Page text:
Flashback: White people have left the (public school) building
The percentage of white, black and Hispanic students attending Dallas ISD has changed drastically over the last five decades.
54% / 36% / 10%
in 1971, the year court-ordered desegregation began.
6%/ 31% / 61%
in 2003, the year court-ordered desegregation ended, after white families left DISD for private school or the suburbs.
5% / 22% / 70%
Williams regularly walks into rooms full of Dallas executives to give Commit presentations and asks how many people attended public school. Hands shoot up. When he asks how many send their children to public school, hands are sparse.
“My fear is in 20 years, my replacement goes into a room and nobody can raise their hand. God help our city,” Williams says. “I knew that I had to talk to them in a language that they spoke, and that was data.”
He joined the board of Uplift Education, the largest charter network in Texas, and made a generous donation that led Uplift to open a namesake school, Williams Prep, in 2007. After years on the board, he concluded that “we can grow Uplift 25 percent a year, and it will take us 25 years to have the impact Dallas ISD could make.”
“The solution is traditional public schools, and that’s how I spend my time,” he says. But to people who distrust him, he says, “I think they just look at me and see the surface. They see a rich white North Dallas guy who worked at Goldman Sachs.”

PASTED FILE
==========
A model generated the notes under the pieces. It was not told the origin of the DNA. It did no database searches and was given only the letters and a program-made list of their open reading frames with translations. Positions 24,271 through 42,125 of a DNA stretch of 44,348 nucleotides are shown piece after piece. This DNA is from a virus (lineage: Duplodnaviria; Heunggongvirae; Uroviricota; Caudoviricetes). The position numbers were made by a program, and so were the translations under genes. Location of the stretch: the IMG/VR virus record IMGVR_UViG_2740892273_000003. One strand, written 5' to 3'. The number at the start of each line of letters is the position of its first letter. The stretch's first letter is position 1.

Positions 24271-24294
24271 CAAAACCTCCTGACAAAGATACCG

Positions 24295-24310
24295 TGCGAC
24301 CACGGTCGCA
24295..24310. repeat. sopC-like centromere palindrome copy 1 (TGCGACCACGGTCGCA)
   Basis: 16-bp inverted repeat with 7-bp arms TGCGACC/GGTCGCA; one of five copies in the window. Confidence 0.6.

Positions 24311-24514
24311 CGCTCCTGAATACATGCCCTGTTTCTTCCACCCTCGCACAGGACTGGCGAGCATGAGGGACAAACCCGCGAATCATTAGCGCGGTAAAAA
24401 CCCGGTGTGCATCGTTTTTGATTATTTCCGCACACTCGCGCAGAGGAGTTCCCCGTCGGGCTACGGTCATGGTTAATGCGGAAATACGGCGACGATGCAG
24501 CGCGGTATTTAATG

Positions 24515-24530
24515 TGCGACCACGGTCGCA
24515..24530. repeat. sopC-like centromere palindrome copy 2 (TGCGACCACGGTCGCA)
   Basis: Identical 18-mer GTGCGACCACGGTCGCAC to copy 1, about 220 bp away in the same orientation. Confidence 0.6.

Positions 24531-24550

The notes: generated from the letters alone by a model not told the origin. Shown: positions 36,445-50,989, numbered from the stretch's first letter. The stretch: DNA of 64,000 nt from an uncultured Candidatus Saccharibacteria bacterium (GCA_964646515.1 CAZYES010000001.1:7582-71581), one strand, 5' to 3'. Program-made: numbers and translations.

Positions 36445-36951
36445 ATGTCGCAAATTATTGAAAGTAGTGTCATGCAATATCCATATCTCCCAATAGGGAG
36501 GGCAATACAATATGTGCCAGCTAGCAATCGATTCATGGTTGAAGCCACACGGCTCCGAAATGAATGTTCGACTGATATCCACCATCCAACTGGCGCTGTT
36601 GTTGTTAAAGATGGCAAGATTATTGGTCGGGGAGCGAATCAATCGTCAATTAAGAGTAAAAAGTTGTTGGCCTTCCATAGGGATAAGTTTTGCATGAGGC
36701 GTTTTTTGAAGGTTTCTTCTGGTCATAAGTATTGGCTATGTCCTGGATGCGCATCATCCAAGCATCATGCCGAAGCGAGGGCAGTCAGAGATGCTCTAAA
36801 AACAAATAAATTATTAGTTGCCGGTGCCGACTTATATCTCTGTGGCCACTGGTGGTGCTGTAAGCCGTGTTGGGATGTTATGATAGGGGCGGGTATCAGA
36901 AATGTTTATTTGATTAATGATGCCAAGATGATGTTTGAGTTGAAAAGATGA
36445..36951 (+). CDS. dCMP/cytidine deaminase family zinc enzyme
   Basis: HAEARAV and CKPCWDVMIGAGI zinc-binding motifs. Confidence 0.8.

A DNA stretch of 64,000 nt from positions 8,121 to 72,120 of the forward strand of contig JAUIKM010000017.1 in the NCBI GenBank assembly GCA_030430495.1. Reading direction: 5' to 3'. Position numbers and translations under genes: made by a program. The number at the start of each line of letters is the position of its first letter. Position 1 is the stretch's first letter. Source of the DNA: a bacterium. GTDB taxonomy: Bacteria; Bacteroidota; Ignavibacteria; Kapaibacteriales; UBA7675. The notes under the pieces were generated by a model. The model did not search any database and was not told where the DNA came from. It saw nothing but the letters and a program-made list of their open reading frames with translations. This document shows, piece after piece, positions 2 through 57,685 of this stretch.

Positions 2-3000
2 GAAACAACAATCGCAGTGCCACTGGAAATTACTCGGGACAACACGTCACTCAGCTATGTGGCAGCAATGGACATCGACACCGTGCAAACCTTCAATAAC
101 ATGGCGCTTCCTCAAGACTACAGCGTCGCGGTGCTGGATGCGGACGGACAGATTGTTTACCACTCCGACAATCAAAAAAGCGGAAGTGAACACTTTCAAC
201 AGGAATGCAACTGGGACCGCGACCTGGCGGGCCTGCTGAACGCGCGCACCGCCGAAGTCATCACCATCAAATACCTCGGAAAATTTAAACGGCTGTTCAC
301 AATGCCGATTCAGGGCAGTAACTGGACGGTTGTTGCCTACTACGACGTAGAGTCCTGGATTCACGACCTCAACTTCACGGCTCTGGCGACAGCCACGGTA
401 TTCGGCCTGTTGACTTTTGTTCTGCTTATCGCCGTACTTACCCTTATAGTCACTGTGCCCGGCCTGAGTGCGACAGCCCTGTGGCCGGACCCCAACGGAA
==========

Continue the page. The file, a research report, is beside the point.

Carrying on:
Cut to: The voicemail incident
Dallas Kids First started endorsing candidates in 2012. Their biggest statement was supporting newcomer Dan Micciche in his challenge of incumbent Bruce Parrott for the Far East Dallas seat. Micciche raised more money than any other board candidate in history that spring with nearly $90,000, much of it coming from the two new education PACs.
The seemingly sleepy race was in southern Dallas, where incumbent Bernadette Nutall was defending her seat against then 20-year-old Damarcus Offord. Nutall, in her first term, had voted months before the election to close 11 Dallas ISD schools. The decision earned her praise from the Dallas Morning News editorial board, who noted that “Nutall, in particular, showed courage” because “five [schools] were in South Dallas, an area she represents.”
Both of Dallas’ new education PACs endorsed Nutall. Another Morning News editorial that January named her alongside Morath and Trustee Edwin Flores as “a bloc that appreciates the value of education reforms.”
Nutall traveled with Todd Williams to L.A., Indianapolis and Cincinnati to study nonprofits after which Commit would be modeled. When Dallas Kids First discovered that only three of every 100 black boys who started in Dallas ISD graduated high school college-ready, Nutall and Morath toured southern Dallas churches to preach the urgency of the problem.
Then came the “voicemail incident.” Two months after Nutall was re-elected in 2012, Morath failed to hang up after leaving her a voicemail. The ensuing, recorded conversation between him and former trustee Nancy Bingham “dealt with [Nutall] as a board member and questioned whether she reads board documents,” according to a Dallas Morning News story.
The two trustees discussed the situation, worked it out and were moving on, the story said. But that story was the last time Morath and Nutall were described as having “a good relationship.”
Zoom in: The vote to reject free money